FOOTFALL in the UK’s shops fell by 0.7 per cent between May 2012 and May 2013, according to figures released by the British Retail Consortium (BRC) and Springboard today.
Shopping centres have suffered most of all over the last year, with a 1.7 per cent fall in the number of shoppers.
London and Scotland significantly outperformed the rest of the country in the same period, with footfall increasing by 2.6 per cent and three per cent respectively.
A spokesman for the BRC said that Scotland had seen less unseasonable weather during May, which helped to boost sales. Scottish retail was boosted from a reduced base after previous declines in activity.
The east of England also recorded a small positive boost of 0.2 per cent, while every other region saw a decline in activity.
“Footfall across all retail locations in the past few months has definitely been proving to be very volatile, particularly in high streets, which fell by seven per cent in march, rising by 3.4 per cent in April and declining by one per cent in May,” said Diane Wehrle, retail insights director at Springboard.
High streets have significantly outperformed shopping centres in the year so far, with a better performance in four of the five months to May.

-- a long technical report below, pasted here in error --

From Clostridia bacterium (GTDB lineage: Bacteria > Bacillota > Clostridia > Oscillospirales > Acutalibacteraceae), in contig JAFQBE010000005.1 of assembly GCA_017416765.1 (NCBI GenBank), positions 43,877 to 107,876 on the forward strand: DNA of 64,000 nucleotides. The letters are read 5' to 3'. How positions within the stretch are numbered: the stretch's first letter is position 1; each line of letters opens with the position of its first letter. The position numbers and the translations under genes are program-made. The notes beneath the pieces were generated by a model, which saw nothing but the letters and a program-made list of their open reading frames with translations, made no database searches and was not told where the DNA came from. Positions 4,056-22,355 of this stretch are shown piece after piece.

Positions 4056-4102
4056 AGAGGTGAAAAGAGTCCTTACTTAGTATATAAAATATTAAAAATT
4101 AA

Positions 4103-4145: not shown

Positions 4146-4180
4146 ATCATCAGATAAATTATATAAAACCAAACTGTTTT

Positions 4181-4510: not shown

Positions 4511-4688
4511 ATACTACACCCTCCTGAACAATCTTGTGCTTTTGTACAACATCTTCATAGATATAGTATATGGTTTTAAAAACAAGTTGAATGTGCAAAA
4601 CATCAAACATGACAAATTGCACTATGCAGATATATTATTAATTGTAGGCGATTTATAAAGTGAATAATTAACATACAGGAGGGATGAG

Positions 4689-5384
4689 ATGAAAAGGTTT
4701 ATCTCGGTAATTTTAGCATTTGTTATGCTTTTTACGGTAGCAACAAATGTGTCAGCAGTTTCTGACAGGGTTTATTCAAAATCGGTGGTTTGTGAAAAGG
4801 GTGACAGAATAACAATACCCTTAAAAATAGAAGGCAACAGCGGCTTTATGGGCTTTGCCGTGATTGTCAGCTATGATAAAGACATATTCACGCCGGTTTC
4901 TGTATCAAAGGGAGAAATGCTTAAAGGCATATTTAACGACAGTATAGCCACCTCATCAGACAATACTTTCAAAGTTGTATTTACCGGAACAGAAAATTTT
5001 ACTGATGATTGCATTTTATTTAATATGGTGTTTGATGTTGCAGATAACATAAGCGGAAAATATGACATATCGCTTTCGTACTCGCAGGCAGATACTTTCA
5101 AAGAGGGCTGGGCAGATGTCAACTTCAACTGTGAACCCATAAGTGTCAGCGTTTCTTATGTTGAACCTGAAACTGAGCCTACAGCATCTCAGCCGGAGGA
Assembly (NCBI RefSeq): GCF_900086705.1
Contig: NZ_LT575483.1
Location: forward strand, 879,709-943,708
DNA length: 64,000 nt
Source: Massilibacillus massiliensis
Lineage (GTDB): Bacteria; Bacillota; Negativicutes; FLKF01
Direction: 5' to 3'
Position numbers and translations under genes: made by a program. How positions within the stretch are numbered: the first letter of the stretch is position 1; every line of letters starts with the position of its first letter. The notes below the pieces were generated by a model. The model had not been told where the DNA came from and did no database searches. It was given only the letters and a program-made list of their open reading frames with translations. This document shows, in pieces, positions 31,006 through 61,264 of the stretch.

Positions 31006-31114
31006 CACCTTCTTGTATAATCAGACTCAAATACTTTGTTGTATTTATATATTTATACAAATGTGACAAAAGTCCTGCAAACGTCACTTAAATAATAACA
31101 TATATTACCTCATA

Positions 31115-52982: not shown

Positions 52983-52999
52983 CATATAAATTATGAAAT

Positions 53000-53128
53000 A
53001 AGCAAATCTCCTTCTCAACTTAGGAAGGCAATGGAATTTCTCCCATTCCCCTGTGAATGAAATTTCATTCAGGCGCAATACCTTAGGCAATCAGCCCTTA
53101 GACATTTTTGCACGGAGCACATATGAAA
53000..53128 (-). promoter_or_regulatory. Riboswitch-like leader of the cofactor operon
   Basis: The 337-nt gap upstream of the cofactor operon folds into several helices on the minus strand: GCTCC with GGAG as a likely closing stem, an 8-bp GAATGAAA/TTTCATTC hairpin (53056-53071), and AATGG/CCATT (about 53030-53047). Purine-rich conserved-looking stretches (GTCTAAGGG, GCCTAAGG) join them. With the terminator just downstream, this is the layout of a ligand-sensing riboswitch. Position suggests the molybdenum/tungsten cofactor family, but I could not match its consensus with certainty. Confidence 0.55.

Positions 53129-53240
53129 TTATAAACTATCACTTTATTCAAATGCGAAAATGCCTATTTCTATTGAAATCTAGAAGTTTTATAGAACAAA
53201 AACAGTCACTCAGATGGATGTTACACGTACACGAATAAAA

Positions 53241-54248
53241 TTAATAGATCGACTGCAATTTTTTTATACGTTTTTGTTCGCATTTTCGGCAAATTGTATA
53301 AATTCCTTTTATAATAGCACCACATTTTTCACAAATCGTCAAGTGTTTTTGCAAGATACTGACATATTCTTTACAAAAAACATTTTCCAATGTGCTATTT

“Town centres benefit from greater diversity than the majority of shopping centres, and the evening economy is clearly protecting and insulating the high street,” said Wehrle.
The release suggested that larger regional cities were seeing improvements in footfall, whereas smaller towns were suffering most acutely, demonstrating that consumers are willing to travel to larger shopping centres and high streets.
Helen Dickinson, director general of the BRC, suggested that there were some less gloomy elements to be found in the data. “The month’s respectable sales growth suggests that conversion rates were good: people made fewer trips but responded well to good deals, especially on value ranges and seasonal promotions”.